Experiments took place at Auschwitz, Buchenwald, Dachau, Natzweiler-Struthof, Neuengamme, Ravensbrück, Sachsenhausen, and elsewhere.
Some dealt with sterilization of men and women, the treatment of war wounds, ways to counteract chemical weapons, research into new vaccines and drugs, and the survival of harsh conditions. One of Mengele's assistants said in 1946 that he was told to send organs of interest to the directors of the "Anthropological Institute in Berlin-Dahlem".
Paramilitary death squads called Einsatzgruppen, in cooperation with the German Army and local collaborators, murdered around 1.3 million Jews in mass shootings and pogroms between 19.
By mid-1942, victims were being deported from ghettos across Europe in sealed freight trains to extermination camps where, if they survived the journey, they were worked to death or gassed.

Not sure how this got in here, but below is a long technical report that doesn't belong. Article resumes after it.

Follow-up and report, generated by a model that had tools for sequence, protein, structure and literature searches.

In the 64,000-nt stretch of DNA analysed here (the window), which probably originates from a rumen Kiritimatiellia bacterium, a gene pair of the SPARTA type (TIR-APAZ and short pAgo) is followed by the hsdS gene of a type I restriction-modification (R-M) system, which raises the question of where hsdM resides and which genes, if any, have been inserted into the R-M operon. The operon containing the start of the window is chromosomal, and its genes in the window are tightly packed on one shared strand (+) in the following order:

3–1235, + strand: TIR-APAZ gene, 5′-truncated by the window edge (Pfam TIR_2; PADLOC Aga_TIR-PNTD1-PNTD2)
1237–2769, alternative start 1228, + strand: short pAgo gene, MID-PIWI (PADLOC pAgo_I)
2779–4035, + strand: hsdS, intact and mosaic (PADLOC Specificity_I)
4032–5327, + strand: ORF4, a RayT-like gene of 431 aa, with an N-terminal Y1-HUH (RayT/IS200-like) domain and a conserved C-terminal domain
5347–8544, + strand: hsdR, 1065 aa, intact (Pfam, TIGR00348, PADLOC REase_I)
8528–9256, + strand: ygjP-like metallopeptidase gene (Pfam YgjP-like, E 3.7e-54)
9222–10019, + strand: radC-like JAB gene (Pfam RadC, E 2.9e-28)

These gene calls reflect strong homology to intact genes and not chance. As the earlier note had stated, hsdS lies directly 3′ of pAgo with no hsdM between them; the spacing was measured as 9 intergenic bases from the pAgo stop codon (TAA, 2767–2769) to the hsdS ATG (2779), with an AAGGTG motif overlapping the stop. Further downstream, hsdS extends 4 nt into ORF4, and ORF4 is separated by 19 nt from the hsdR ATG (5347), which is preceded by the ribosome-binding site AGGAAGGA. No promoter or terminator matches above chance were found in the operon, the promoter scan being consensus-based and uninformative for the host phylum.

Eventually thousands of camps and other detention sites were established across German-occupied Europe.
The segregation of Jews in ghettos culminated in the policy of extermination the Nazis called the "Final Solution to the Jewish Question", discussed by senior Nazi officials at the Wannsee Conference in Berlin in January 1942.
Discussions at the Wannsee Conference in January 1942 made it clear that the German "final solution of the Jewish question" was intended eventually to include Britain and all the neutral states in Europe, including Ireland, Switzerland, Turkey, Sweden, Portugal, and Spain.
Historians increasingly view the Holocaust as a pan-European phenomenon, or a series of holocausts impossible to conduct without the help of local collaborators.
The persecution and murder of other groups was much less consistent.
For example, he writes, the Nazis regarded the Slavs as "sub-human", but their treatment consisted of "enslavement and gradual attrition", while "some Slavs—Slovaks, Croats, Bulgarians, some Ukrainians—[were] allotted a favored place in Hitler's New Order".